2. The "flight" response often leads to the "walk-away" approach - withdrawal, leaving the room, and avoidance. Walk-aways leave conflict unresolved and issues unaddressed.

Following a simple process to control these inappropriate responses can help you to effectively self-mediate many interpersonal conflicts.

The process goes like this:

D

efine the problem in behaviorally specific terms.

Your anger (frustration, irritation, hurt feelings, etc.) is not the real problem. Frequent miscommunication, chronic misunderstandings, or your inability to work productively together may be how you define the problem. Carefully examine the situation and identify a non-accusatory, objective description of it.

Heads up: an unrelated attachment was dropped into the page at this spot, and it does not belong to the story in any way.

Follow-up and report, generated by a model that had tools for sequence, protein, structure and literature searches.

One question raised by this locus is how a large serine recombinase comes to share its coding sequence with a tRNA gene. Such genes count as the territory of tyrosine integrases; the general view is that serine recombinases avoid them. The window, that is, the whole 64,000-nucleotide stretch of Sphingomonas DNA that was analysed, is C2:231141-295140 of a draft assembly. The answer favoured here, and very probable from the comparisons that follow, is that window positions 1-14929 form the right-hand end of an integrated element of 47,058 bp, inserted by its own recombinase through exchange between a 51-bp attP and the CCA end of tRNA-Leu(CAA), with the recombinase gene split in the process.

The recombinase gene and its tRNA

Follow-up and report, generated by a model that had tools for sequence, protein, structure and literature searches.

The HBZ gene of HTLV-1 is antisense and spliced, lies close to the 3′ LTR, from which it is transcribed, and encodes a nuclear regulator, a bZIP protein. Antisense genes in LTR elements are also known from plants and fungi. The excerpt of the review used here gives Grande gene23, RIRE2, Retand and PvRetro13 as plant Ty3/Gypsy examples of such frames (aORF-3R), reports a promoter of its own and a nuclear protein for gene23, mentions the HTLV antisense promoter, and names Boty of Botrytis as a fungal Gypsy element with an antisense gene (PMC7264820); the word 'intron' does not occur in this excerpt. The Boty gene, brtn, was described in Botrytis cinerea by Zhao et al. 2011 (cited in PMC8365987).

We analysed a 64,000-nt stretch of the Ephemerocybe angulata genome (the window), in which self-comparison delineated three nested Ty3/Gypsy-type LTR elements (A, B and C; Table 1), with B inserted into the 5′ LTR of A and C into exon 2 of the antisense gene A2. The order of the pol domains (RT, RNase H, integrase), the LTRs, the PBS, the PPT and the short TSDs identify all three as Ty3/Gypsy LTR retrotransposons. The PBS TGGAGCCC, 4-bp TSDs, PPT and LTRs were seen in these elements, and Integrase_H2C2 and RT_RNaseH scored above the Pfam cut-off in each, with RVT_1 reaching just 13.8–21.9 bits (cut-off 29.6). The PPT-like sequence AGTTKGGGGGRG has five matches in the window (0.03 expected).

D

eliver the invitation to meet.

Resist the urge to get drawn-in to a conversation on-the-spot. You want to schedule a time for a conversation. You probably do not want to have the conversation immediately. You definitely do not want to have it "on-the-fly."

D

ecide on a time and place for a discussion.

Set aside 2 hours for an uninterrupted conversation. It may not take the full 2 hours. You just want to allow plenty of time to reach resolution.

D

iscuss the problem and how you will resolve it.

During the discussion:

  • Resist the urge to leave too soon (walk-away) or to push too hard (power-play). Encourage the other party to do the same.
  • Notice and comment on anything positive the other person says. For example, make sure you verbally recognize when they: acknowledge your perspective, apologize for their actions, or take responsibility for their contribution.